Physical Activity, Gut Microbiota, and Genetic Background for Children and Adolescents with Autism Spectrum Disorder

Julio Plaza-Diaz, Ana Mei Radar, Aiman Tariq Baig, Marcos Federico Leyba, Maria Macarena Costabel, Juan Pablo Zavala-Crichton, Javier Sanchez-Martinez, Alex E. MacKenzie, Patricio Solis-Urra

Research output: Contribution to journalReview articlepeer-review

3 Citations (Scopus)

Abstract

It is estimated that one in 100 children worldwide has been diagnosed with autism spectrum disorder (ASD). Children with ASD frequently suffer from gut dysbiosis and gastrointestinal issues, findings which possibly play a role in the pathogenesis and/or severity of their condition. Physical activity may have a positive effect on the composition of the intestinal microbiota of healthy adults. However, the effect of exercise both on the gastrointestinal problems and intestinal microbiota (and thus possibly on ASD) itself in affected children is unknown. In terms of understanding the physiopathology and manifestations of ASD, analysis of the gut–brain axis holds some promise. Here, we discuss the physiopathology of ASD in terms of genetics and microbiota composition, and how physical activity may be a promising non-pharmaceutical approach to improve ASD-related symptoms.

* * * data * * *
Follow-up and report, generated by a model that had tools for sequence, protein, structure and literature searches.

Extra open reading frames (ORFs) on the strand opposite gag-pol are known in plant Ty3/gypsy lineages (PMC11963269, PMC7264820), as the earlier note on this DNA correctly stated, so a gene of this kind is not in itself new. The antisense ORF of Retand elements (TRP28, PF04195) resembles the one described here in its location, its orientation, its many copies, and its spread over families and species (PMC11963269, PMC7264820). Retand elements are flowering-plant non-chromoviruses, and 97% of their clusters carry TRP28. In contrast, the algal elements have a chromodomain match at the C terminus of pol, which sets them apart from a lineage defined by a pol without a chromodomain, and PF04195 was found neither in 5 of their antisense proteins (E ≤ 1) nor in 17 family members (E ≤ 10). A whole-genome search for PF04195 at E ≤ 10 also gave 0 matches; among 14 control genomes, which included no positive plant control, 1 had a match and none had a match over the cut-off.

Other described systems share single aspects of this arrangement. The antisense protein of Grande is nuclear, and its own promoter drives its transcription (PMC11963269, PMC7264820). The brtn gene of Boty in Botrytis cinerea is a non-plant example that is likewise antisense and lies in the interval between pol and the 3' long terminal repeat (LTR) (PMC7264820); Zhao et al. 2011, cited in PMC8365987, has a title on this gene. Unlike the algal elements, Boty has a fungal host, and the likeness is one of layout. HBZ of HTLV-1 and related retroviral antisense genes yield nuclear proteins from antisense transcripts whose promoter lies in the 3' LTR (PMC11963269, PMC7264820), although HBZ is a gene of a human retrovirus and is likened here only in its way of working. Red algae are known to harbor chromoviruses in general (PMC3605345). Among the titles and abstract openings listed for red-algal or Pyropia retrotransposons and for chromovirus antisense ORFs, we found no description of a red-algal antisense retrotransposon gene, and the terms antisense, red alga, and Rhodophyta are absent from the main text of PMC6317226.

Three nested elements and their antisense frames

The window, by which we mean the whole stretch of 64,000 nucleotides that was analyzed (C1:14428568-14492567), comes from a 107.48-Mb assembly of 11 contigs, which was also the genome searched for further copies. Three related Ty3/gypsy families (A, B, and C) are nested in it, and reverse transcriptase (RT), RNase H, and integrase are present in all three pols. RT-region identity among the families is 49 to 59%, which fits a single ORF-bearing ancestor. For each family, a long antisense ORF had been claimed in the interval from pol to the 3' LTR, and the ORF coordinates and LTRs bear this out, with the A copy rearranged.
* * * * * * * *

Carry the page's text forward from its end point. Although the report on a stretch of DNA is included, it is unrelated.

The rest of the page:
Original languageEnglish
Article number1834
JournalChildren
Volume9
Issue number12
DOIs
Publication statusPublished - Dec 2022

Keywords

  • autism spectrum disorder
  • children
  • genetics
  • intestinal microbiota
  • physical activity

ASJC Scopus subject areas

  • Pediatrics, Perinatology, and Child Health

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